Wednesday, May 30, 2012

Our Prodigal Counselor

"So he returned home to his father.  And while he was still a long distance away, his father saw him coming, and was filled with loving pity and ran and embraced him and kissed him." - Luke 15:20

I was sitting in the counselor's office, fidgeting and wishing I could end the session by jumping out the fourth story window to my left.  "This is not good," I was thinking, "Just breathe Phil, just breathe."

I experienced what I believe to be the "old school" counselor yesterday.  She was one that had me diagnosed as "Bi-Polar" even before I stepped in her office (due to their pre-screening question and answer) and looked at me as a problem and not a person.

If any of you have ever experienced this, I want to express my sincerest condolence.  It can be a really painful and is dehumanizing experience.

By the end of my appointment with her, I didn't even know her name, and I barely new mine.  She was so impersonal, and most of the time was spent either listening to her lecture, or watching her write my responses to her questions onto her big yellow notepad.  Her hand-writing was impossibly slow and neat, and made for really long and painful silences, in which I tried to slow my pulse.

I don't think counselors are supposed to make you mad.  I know they are to hold up a mirror and that can be a disturbing thing, especially as we looked at some of our sin struggles and baggage.  But I think counselors are supposed to build repore and trust, and seek to help in any way they can.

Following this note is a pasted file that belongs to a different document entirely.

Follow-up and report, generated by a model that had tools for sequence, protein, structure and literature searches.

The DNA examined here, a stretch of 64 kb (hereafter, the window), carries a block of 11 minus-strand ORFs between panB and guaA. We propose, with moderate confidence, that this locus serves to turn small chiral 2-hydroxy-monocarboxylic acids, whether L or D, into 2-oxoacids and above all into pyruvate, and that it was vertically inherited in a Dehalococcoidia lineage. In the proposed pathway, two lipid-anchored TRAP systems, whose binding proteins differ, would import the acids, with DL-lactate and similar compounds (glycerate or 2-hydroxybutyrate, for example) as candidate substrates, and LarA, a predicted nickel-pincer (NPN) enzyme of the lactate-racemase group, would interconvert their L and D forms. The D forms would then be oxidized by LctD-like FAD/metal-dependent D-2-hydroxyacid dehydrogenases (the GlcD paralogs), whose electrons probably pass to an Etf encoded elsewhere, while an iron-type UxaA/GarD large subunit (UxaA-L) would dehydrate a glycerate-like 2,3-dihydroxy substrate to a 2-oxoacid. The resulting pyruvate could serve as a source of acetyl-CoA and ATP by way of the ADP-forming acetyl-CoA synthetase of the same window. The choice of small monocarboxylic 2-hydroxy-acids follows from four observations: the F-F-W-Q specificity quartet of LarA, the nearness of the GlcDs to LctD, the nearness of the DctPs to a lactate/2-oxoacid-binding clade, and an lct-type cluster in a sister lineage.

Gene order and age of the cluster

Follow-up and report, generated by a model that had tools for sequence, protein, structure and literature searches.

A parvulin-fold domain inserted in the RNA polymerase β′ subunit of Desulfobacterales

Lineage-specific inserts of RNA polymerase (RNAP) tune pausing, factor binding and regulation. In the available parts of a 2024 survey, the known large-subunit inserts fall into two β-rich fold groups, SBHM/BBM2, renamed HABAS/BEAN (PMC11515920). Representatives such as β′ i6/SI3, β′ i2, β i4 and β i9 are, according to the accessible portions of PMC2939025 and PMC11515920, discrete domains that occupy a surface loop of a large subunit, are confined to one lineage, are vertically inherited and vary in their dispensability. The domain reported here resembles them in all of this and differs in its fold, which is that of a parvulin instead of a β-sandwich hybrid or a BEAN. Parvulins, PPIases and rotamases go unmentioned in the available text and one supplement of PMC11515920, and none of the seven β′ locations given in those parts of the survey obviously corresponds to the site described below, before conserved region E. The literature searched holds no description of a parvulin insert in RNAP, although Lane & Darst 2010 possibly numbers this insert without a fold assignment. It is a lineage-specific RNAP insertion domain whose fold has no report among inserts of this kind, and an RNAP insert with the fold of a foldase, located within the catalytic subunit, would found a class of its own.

But this counselor had another perspective entirely.  I was in her office to do her bidding.  I was a mess that needed to be cleaned up.  I was problem late on a Tuesday afternoon that she needed to be done with before she went home.

She was from New York, and perhaps this had something to do with her blunt and confrontational approach.  And I know that I'm a pretty awful sinner, and don't deserve grace.  But this lady didn't have any.

By the end of my time with her, I felt like I'd been punched in the stomach, and a huge weight had been thrown onto my back.  On the way home, I called Melissa and said, "If ever there was a counselor who might tempt you to drive into a telephone pole after a session, this would be the one."

And I guess what this counselor tapped in me was my fear of exposure.  The fear that people would truly know me and despise me.  After all, she seemed to despise me.  She made me feel like a wretch.

I've been thinking a lot about our sin condition recently, especially when I tuck little David into bed at night and whisper the words that "I love you and am so proud of you.  You are a strong and very good boy David."

I often question the "very good" part of our mantra.  But last night it came together a bit more for me.  God does pronounce us "very good."  He died so that we could be reconciled to him, because he saw something very good in us that he wanted to redeem.

Sure we have nothing morally good to add to our salvation.  That's where we often go askew.  But when God tucks us in at night, he whispers how good we are.  How we are made in his good image.  How we are furiously loved and delighted in.  He whispers that he is proud.  And he's lavish in his praise.

That's what I don't get about the parable of the prodigal son.  The father is filled with loving pity, runs out to meet him, embraces him and kisses him.  He shows the son radical physical acceptance.  Tangible stuff that rather than exposes, covers.

The way of the world is the way of my current counselor (I'm going to be looking for another one).  But the way of God is one of steadfast love and mercy.  I for one am very, very thankful.  Because I don't want to jump out of any fourth story windows.